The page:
Growing up, I was a picky eater. I wasn’t so bad that I would only eat one bland dish, but my parents struggled to get me to try new foods. Eventually, the influence of television, particularly cooking and travel programs, urged me to broaden my horizons and expand my palate. If it weren’t for shows like A Cook’s Tour, I’d likely be stuck with a menu of PB&J, chicken nuggets, and buttered noodles for an eternity.
People getting stuck in a cycle of comfort food doesn’t just happen at the table. Since the advent of cable, the TV equivalent of comfort food, reruns of Law and Order, Seinfeld, and the like, suck in viewers who’d rather have something predictable and familiar. Traditional television viewers weaned on “57 channels and nothing on” can be forgiven for surrendering to the easy comfort of syndicated programming, but it’s a bit less defensible in the streaming age. With virtually every option available, why are people watching only…let’s say: The Office?
This week, #TheOfficeonPeacock was trending on Twitter to mark the NBC sitcom leaving streaming platform Netflix for NBCUniversal’s new streamer, Peacock. After paying half a billion dollars for the streaming rights to a series from their own library, NBC was congratulated with a torrent of negative tweets from angry Netflix subscribers incensed that they’d have to find something new to watch (or fall asleep to).
In 2011, The Office became one of the big blockbuster sitcoms licensed to Netflix as the company became known for its streaming service rather than the old “DVDs in the mail” business model. Since then, it’s become a go-to favorite of millennials and zoomers alike, a virtual screensaver, nightlight, background soundtrack, and mind-number. It’s a personality trait on dating websites, a Trivia Night staple, and the source of every third internet gif or meme. In 2018, it made up a staggering 3 percent of Netflix’s total U.S. viewing numbers. It seems that Netflix has profited greatly from users paying $13.99 a month to only view The Office when they could have bought the complete series on DVD for $45. I suppose they’re paying the premium to not have to switch disks.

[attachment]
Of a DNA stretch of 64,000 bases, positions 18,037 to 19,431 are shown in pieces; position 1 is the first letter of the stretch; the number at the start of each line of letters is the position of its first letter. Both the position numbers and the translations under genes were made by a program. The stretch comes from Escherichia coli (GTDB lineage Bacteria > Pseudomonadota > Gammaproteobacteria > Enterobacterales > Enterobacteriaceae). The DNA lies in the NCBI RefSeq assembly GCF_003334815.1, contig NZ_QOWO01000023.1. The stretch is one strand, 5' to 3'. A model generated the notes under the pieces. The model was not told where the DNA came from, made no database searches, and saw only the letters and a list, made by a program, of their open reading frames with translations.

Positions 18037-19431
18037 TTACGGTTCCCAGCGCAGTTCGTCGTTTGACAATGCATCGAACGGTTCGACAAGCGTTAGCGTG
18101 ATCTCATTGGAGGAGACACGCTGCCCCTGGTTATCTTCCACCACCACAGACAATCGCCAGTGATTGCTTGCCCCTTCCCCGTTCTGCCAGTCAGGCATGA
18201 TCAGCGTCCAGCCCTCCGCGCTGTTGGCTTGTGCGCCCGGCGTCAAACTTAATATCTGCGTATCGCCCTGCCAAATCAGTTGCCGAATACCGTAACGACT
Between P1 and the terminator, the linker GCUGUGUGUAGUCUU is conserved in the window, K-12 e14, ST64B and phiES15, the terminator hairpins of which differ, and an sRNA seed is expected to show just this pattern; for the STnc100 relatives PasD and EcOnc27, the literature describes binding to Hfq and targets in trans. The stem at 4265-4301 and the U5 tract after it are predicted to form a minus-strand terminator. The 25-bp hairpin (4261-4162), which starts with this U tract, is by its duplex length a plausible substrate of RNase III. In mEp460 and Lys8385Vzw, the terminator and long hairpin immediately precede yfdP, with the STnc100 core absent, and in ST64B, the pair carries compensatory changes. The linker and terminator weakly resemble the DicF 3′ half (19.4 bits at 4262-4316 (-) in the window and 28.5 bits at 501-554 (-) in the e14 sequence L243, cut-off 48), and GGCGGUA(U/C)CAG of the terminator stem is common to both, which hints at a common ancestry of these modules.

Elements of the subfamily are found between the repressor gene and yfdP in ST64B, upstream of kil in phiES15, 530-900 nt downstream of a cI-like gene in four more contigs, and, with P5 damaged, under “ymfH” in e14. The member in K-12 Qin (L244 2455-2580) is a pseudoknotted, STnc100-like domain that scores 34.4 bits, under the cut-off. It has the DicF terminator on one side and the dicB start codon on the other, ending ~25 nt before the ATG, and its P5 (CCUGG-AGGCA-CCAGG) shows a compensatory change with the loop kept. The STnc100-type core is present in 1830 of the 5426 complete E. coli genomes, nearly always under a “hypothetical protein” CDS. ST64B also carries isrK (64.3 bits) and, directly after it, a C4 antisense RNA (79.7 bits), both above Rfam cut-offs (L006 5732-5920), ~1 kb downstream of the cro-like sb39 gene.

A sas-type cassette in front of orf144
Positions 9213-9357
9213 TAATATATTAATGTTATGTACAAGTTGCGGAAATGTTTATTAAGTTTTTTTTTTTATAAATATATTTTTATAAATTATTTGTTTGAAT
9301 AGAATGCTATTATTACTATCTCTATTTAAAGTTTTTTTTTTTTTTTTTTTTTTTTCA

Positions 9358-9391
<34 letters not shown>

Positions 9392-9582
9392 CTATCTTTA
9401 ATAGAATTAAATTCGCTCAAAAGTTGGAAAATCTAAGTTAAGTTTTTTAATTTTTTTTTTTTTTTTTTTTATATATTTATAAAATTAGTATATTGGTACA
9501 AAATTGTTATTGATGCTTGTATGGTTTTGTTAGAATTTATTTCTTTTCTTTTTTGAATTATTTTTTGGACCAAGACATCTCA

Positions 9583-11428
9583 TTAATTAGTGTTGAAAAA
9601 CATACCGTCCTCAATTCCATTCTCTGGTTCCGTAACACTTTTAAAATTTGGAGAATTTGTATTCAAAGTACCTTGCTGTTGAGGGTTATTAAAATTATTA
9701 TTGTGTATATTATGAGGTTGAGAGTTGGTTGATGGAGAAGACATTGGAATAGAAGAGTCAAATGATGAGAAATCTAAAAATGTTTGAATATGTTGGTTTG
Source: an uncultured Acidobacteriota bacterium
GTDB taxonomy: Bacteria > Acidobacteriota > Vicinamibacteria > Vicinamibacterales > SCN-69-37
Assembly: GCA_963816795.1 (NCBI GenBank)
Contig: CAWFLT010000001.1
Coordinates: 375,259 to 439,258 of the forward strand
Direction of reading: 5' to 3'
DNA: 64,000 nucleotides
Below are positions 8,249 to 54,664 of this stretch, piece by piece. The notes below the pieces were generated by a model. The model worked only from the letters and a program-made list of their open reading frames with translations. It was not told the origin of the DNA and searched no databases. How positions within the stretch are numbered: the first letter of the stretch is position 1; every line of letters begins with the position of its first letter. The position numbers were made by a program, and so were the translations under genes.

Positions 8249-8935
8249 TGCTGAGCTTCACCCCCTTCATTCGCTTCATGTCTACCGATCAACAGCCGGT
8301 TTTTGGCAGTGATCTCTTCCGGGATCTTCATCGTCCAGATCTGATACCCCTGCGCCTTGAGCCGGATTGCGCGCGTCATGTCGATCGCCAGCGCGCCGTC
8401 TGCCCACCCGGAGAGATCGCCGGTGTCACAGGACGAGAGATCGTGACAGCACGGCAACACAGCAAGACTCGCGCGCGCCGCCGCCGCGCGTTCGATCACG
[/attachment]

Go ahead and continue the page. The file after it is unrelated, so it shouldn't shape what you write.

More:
Let me be clear; The Office is a great show. It features career-best performances from talented stars like Steve Carrell, John Krasinski, Jenna Fischer and Mindy Kaling; it expertly mixes cringe-comedy and heartfelt, long-term storytelling, and it’s simultaneously broad enough to be relatable to everyone, yet specific enough to earn gut-busting laughs. It’s an all-time great sitcom. I also understand why, especially these days, people gravitate toward rewatching their old familiar favorites. Another Netflix series (they exist, I promise!) Bojack Horseman, summed it up succinctly, “For a lot of people, life is just one long, hard kick in the urethra. And sometimes, when you get home from a long day of getting kicked in the urethra, you just want to watch a show about good, likable people who love each other – where no matter what happens, at the end of 30 minutes, everything’s gonna turn out OK.”
I’ve been comfort-watching TV lately too. 2020 was a hard year for everyone, myself included, and I found myself revisiting feel-good favorites like Parks and Recreation, New Girl, and yes, even The Office, regularly. That being said, I haven’t only been bingeing these series. I also make an effort to mix in some art that is thought-provoking, challenging, or coming from new, unique voices. Being well-rounded is key to living a fulfilling life, and that extends to TV viewing habits too. By just watching the same thing over and over, you could limit yourself to new ideas, perspectives, or your next favorite series that you’ll reach for in times of stress. I’m sure plenty of you diversify your slate of consumption, but maybe you need to share this with the “nothing but The Office” person in your life. Based on the Netflix viewing patterns, we all know one.
Even Peacock and the stars of The Office want you to watch more than just The Office! If you check out the “Collection” section of Peacock and scroll far enough, you’ll discover subtle nods to try something else. A list titled “On the Job” will suggest other workplace comedies like Parks and Recreation and Superstore. “The Office Alums on the Silver Screen” section will urge you to try out feature films Away We Go and All-Stars starring John Krasinski and Angela Kinsey, respectively. There’s even an area where the cast members pick their favorite episodes of other TV shows, proving there’s more goodness beyond Scranton, PA.
If you’re a Netflix subscriber unwilling to download and pay for another new streaming app, now is your opportunity to broaden your comedy horizons. Try the previously-mentioned Bojack Horseman if you like The Office’s cynical streak, enroll in Community if you’re searching for the next ensemble to fall in love with, or take a trip to Schitt’s Creek if you’re looking for another dysfunctional, but loving family unit. Don’t be a picky viewer, there’s an entire delicious menu at your disposal (and you can always buy the DVD set for when you just need a dose of Dwight).